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Summary: As with everything else in life, prayer is the key to influencing secular culture and human government. Solomon's call to prayer serves as a pattern for discovering the power of prayer.

Every four years, this nation elects a political leader we call the President of the United States. This year’s election is fifty days away and there is both anticipation and anxiety as that day approaches. We go to the polls seeking to change the direction of the nation, or to stay the course because the circumstances of the nation are such that the majority is pleased with the direction the leadership has set. This year, we will not “stay the course” necessarily, for we elect a new president. Some people believe electing one particular candidate will, in essence, be staying the course, though that candidate has done much to draw distinctions between herself and her predecessor. Others believe electing another of the primary candidates will lead the nation in a new, more prosperous direction. And, so it goes…

It’s interesting to me to watch the reaction of people as this election cycle has progressed. I’m a bit of a political junkie myself. I don’t try to hide that fact. I don’t (well, not often anyways) make my political views known. You won’t see me posting political articles on social media, promoting particular candidates or particular parties. We’re all in this together and part of our problem is not being able, or willing, to put aside our differences in order to overcome the divisiveness our system finds itself in. This election cycle is an historic time for our nation. As in the election cycle of 2008 when we elected our nation’s first African-American president, we may this cycle, elect our nation’s first female president. Some say, “It’s been a long time coming,” while others say, “This is not the woman we need to elect.” And, so it goes…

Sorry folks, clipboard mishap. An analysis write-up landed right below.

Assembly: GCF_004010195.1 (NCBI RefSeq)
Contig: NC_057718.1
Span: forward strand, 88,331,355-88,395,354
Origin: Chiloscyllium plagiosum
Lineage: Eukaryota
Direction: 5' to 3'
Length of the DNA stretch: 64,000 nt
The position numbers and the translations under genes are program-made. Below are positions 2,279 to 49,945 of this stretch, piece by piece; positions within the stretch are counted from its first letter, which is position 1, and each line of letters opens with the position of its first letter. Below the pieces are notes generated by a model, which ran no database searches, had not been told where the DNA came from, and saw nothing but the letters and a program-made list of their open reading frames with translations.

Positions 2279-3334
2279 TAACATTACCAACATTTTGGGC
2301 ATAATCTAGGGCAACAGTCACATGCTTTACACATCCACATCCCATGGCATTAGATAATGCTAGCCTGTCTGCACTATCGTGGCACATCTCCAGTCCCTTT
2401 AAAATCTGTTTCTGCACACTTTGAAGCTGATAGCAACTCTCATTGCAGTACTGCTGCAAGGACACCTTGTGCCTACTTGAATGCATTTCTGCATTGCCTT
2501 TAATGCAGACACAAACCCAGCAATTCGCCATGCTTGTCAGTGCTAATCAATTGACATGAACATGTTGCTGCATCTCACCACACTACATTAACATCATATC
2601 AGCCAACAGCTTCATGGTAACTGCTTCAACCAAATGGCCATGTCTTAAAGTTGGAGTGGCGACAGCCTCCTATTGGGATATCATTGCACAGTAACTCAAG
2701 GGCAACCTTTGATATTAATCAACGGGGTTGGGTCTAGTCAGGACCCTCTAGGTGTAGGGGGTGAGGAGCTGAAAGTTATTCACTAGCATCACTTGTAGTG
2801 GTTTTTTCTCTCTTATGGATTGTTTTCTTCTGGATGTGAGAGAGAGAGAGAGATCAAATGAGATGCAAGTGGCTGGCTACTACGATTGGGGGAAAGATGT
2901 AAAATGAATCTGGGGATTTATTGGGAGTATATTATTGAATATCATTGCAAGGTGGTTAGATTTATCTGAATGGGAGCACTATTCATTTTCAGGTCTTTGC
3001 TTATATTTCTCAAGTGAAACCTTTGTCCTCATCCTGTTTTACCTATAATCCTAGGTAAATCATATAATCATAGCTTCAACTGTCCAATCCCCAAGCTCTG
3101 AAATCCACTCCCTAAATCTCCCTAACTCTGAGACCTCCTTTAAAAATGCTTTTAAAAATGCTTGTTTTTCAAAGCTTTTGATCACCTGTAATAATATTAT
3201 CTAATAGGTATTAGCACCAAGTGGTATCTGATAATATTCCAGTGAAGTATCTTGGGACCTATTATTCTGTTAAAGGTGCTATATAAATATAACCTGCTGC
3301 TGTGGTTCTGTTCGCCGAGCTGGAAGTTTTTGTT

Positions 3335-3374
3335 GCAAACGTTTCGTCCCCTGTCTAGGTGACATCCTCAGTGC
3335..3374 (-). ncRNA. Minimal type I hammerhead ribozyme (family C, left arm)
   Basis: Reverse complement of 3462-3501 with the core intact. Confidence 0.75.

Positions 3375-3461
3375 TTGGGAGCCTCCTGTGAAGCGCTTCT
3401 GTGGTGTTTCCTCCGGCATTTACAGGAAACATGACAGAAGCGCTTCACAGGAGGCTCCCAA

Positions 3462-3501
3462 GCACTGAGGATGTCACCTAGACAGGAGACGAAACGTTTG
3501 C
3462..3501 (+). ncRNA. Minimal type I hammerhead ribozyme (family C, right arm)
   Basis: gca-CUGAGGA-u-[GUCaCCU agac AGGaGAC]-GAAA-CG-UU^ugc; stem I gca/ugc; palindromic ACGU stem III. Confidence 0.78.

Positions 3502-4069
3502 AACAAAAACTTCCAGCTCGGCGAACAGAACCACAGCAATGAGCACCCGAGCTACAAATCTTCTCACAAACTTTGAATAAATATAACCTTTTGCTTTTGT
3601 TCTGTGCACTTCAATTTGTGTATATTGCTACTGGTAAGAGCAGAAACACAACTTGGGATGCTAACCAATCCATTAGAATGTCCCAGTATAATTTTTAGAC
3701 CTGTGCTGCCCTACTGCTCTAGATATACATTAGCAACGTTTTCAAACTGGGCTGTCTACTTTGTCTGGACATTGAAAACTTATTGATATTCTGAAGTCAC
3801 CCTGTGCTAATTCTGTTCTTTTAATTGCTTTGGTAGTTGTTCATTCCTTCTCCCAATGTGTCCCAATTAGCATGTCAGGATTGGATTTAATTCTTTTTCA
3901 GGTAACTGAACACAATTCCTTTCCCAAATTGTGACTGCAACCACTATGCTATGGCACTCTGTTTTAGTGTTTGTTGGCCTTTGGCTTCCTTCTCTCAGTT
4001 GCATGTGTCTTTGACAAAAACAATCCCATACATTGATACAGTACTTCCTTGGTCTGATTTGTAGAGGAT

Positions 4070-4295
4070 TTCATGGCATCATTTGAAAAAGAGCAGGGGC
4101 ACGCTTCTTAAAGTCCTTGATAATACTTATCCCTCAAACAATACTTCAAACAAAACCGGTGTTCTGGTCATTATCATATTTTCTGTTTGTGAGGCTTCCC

The anxiety of the moment is heightened by the cultural circumstances we are experiencing as a nation. Consider these circumstances—a stock market, that while reaching new heights, its volatility is shown by the constant swings from one day to the next, a world economy that still languishes mostly in recession, job market volatility (CenturyLink announced this week layoffs that could impact as many as 3,500 employees nationwide), and when we factor in the shifts in cultural values over the past eight years, there’s no wonder anxiety is up. My generation is concerned whether Social Security will be around for our retirement. Healthcare costs, in spite of an overhaul of the system, continue to rise. We have 19.5 trillion dollars of debt as of this past Friday morning. We continue to fight a war on terror with an enemy that is hard to identify and even harder to trace, and we face aggressive nations having the capabilities of nuclear weapons. Do we believe a new president will change any of these circumstances? Perhaps that’s not the appropriate question. Perhaps the appropriate question is “Whom or what do we trust?” Is our trust in a political party? Is our trust in a candidate for president or the government? I am reminded of the words of King David (that’s right KING David) writing in Psalm 20:7—


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